hidden treasures of Drake Bay, Costa Rica with Tracie "The Bug Lady"
Meet the Bug
Tales from the
Facts about Drake Bay, Costa Rica
Travel To Drake Bay
Drake Bay Area Map
Tips for Travelers
The Greater BullDog
Greater Fishing Bat, Noctilio leporinus, is one of the
most spectacular mammals one can hope to encounter in Drake Bay.
With pointed ears, small eyes, prominent cheeks, and large
canine teeth - these denizens of the dark bear an uncanny
resemblance to bulldogs, hence their common name Bulldog Bats.
are large bats, with an average wingspan of 60cm. They
boast bright orange fur (although shades of brown occur as
well). Perhaps their most striking feature, though, are
the greatly enlarged hind feet. Equipped with long, sharp
claws, these feet allow the bulldogs to feed on prey almost no
other bat in the world can - fish!
across the Agujitas River at night, between Aguila de Osa Inn and
Drake Bay Wilderness Resort, Gianfranco and I encounter colonies of
Bulldog Fishing Bats most nights. The Bulldogs use their acute
sonar to detect ripples on the water's surface created by small
fish. Once the bat has honed in on the fish, it will rake its
hind feet through the water, gaffing its prey.
The fish may then be eaten
while in flight or stored in its modified cheeks and eaten later at
a feeding perch. If the bat should accidentally tumble into
the water while hunting, they do swim quite well. Once the bat
reaches the shore, it will climb up the nearest tree or vertical
surface until it is high enough to become airborne again.
photographs of the Bulldog Fishing Bats featured here were taken at a
feeding perch, a large tree, near the suspension bridge that spans the
Agujitas River. Gian and I have been observing the Bulldogs
at this same perch for several years.
On nights when
the ocean is calm, the bats will hunt saltwater fish in the bay,
as well as the river. Studies have shown that a single bat may
consume up to 40 fish a night. Most of these fish measure between
2 to 8 cm in length.
also eat insects, shrimp, crabs, and even frogs. They will hunt
prey overland too. Flying insects, which are caught with the wings
may actually make up more than half the diet at certain times of year,
particularly in rainy season.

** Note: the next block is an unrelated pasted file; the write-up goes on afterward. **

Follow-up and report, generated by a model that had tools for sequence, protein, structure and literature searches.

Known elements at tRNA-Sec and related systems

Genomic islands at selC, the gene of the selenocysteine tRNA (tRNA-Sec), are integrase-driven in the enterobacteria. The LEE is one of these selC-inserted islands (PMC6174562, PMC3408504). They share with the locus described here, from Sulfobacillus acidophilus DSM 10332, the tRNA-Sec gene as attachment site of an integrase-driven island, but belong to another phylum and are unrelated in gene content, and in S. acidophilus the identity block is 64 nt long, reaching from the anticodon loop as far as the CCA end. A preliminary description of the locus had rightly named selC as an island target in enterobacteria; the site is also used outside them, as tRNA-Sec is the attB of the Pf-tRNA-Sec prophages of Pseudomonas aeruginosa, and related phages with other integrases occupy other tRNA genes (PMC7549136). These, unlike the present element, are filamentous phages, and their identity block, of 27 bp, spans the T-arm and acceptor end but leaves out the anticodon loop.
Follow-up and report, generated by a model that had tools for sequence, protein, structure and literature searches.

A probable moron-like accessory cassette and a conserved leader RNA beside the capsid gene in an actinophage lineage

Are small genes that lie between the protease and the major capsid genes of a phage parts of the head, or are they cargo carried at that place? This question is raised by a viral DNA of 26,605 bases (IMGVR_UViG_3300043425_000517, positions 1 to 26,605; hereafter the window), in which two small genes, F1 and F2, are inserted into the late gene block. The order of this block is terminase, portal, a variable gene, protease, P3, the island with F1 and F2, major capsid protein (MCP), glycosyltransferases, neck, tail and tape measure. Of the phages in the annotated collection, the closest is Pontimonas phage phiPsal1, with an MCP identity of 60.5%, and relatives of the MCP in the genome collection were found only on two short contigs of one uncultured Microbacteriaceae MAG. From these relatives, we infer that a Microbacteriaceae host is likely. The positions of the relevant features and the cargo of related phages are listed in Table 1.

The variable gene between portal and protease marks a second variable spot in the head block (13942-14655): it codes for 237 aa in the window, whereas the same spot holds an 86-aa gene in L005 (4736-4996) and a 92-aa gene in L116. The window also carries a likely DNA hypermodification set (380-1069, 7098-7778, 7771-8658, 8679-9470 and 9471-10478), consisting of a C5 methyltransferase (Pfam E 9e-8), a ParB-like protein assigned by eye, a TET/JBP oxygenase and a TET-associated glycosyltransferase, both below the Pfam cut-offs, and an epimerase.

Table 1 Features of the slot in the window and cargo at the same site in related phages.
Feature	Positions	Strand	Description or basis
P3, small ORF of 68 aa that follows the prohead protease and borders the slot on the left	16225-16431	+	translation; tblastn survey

to C. Brandon in Costa Rica Natural History Noctilio leporinus
bats adapt quite well to captivity:
"Within a day or two of
capture it will spontaneously learn to eat from a dish of fish or
mealworms placed in the cage. Taming is also rapid, and within a
few days the bats can be held in the hand without trying to
escape....These bats are also easy to train for experimental work.
They quickly learn to do a variety of tasks."
John Kricher, in his
wonderfully informative book A Neotropical Companion recounts
how he once shared a hotel room with a Bulldog Fishing Bat his
colleague captured to bring to the U.S. for study. The bat spent the
evening dining on a bucket of fish while hanging form a picture
frame in the bathroom. "The fact that the bat reeked of fish and
strong musk, plus the constant sound of fish bones being ground up",
said Kricher, "made for fitfull sleeping that night." Captive bats
have lived 11.5 years.
During the day, Bulldog
Fishing Bats roost in caves, the crevices of rocks, hollow trees,
and sometimes buildings. Colonies may number several hundred bats,
although we have never found such large groups in Drake Bay.
2005 Travellers' Wildlife Guides Costa Rica
Janzen, D. 1983 Costa Rican Natural History
University of Chicago Press
Kricher, J. 1989 A Neotropical Companion
Princeton University Press
LaVal, R. & Rodriguez, B. 2002 Murcielagos de Costa Rica/Bats
Wainwright, M. 2002 The Natural History of Costa
Rican Mammals Zona Tropical
Wilson, D. 1997 Bats in Question Smithsonian